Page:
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 The Amazing Airplants

South Florida is one of the fastest growing areas of development in the United States.  The habitats of plants and animals are being destroyed at an unprecedented rate. Especially at risk in recent years have been the marginal wetlands, marshy tidal areas, useless in their natural condition for building. These have been often indiscriminately filled and developed, resulting in the destruction of important biological communities. Scientists have discovered that such wetlands, especially those with well-developed Mangroves, are Important in that they supply much organic matter to the sea. Much of this organic debris, particularly the leaves of the Mangrove, forms the base of a food chain that nourishes the young of important reef fish species.

Tilandsia fasciculata Such development in the South Florida area has also eliminated the natural habitats of several species of air plant or Bromeliad. Interestingly, some of these now uncommon Floridian species are still relatively common here in the Bahamas where hopefully they will continue to thrive.

The family Bromeliaceae is widespread throughout South America and southern North America, and is best known for the pineapple. Columbus discovered the pineapple on his second voyage to the New World. Bahamian pineapples were once world-famous however the bulk of the world’s pineapples are now grown in Hawaii, where as recently as 1911 James Dole started to farm the first 12 acres of pineapple plantation. Our Bahamian air plants all belong to the genus Tillandsia, the largest genus with more species than any other. They are all epiphytes, growing on trees but not taking nourishment from them.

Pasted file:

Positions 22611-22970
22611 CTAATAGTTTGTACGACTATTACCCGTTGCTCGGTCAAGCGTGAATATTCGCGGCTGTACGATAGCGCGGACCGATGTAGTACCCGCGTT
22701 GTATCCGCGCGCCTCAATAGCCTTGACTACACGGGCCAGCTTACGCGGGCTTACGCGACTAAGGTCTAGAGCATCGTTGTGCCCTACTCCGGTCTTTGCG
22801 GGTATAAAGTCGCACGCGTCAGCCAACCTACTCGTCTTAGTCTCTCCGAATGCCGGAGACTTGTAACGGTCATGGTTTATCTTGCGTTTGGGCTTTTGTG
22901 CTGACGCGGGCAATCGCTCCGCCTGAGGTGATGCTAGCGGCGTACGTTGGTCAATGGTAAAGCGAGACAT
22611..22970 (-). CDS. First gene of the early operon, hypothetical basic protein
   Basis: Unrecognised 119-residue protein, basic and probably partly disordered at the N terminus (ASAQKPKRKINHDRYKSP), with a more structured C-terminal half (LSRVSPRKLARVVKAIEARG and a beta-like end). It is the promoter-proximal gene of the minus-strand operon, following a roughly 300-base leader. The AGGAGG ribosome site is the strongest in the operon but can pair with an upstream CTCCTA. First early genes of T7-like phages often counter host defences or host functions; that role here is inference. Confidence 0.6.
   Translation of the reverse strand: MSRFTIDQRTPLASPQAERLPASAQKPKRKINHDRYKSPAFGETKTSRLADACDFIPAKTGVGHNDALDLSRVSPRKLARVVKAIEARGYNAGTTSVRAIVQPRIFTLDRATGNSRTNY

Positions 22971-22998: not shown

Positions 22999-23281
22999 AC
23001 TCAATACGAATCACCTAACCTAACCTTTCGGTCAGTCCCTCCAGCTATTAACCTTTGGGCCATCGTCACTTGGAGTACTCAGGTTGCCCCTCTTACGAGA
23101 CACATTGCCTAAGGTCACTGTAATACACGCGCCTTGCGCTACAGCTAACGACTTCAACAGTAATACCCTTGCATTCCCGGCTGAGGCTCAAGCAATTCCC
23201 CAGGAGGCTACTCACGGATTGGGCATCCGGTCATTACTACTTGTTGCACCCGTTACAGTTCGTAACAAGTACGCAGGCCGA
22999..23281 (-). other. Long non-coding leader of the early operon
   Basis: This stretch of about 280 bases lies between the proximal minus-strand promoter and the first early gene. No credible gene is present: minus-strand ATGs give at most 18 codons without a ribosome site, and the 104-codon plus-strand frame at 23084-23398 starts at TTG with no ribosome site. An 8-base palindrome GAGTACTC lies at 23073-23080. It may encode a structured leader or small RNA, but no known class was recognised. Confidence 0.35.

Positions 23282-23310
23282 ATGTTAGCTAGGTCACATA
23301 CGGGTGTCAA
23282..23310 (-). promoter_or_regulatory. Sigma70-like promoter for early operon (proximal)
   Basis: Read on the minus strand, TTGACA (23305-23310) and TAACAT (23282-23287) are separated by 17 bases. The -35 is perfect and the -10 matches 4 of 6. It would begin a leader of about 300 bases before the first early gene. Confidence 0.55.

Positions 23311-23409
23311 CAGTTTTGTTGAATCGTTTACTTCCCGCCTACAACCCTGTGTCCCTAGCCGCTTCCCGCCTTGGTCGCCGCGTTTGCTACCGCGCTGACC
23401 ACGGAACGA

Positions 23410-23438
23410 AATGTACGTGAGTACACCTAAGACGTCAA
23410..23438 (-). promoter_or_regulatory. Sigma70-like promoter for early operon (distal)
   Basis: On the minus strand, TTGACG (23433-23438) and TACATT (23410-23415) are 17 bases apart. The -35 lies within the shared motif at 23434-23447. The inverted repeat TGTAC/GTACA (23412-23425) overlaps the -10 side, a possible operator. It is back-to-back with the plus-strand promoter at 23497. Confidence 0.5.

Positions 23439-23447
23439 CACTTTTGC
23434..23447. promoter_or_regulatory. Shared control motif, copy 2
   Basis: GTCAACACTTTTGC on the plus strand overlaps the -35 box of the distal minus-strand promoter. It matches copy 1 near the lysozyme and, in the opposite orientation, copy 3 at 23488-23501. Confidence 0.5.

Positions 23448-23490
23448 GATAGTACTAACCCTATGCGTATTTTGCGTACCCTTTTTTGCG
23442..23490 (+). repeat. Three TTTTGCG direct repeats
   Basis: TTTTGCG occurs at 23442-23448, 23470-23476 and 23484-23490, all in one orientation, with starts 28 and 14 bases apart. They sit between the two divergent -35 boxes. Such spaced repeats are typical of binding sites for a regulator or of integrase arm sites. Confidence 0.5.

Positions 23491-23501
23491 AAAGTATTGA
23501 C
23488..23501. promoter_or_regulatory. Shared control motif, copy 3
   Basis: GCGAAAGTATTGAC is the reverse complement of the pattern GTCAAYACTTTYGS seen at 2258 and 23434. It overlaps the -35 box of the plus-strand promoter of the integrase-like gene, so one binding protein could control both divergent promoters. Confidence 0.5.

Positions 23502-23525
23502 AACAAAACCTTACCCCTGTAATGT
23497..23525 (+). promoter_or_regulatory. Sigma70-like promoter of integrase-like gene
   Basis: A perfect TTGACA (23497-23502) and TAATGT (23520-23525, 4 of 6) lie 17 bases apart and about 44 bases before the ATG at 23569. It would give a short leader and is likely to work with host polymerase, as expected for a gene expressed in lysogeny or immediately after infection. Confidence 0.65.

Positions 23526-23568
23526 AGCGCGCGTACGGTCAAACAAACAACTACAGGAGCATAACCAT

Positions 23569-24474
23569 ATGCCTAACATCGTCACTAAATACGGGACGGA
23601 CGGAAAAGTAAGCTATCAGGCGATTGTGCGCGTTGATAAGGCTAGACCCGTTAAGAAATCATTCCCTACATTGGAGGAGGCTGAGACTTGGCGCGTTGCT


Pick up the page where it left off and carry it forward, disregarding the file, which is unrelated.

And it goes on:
T. fasciculata (above), by far the most common species, is also known as the Stiff-leaved wild pine. A highly variable species, it may adorn trees In huge clumps. Early in the year the tiny violet flowers emerge from between the bracts of the robust branching flower stalk. In the Bahamas this species never occurs so densely as on the live oaks of Florida. The live oak has a deeply furrowed bark that is favoured by the seedlings of air plants. Although the live oak is found in the hammocks of the Everglades National Park of Florida, and also in the northern parts of Cuba, it does not occur in the Bahamas. No doubt it would thrive if introduced.

Tilandsia utriculata The Bahamas largest Bromeliad Is T. utriculata (left) whose leaves may be in excess of two feet long. Its large rosettes occur singly in many habitats.

Several species are more particular in their habitat requirements. Buttonwood is the favoured host tree of the Hoary air plant, T. pruinosa. These plants are covered with silvery moisture-absorbing scales. Their short twisted leaves extend from a bulbous base giving them the appearance of small greenish octopi.

Rare now in Florida is the interesting Banded wild pine T. flexuosa, the leaves of which spiral upwards from the base. This again is a plant with fairly specific habitat requirements. It prefers to grow on dead branches where many may be found in just one part of a particular tree.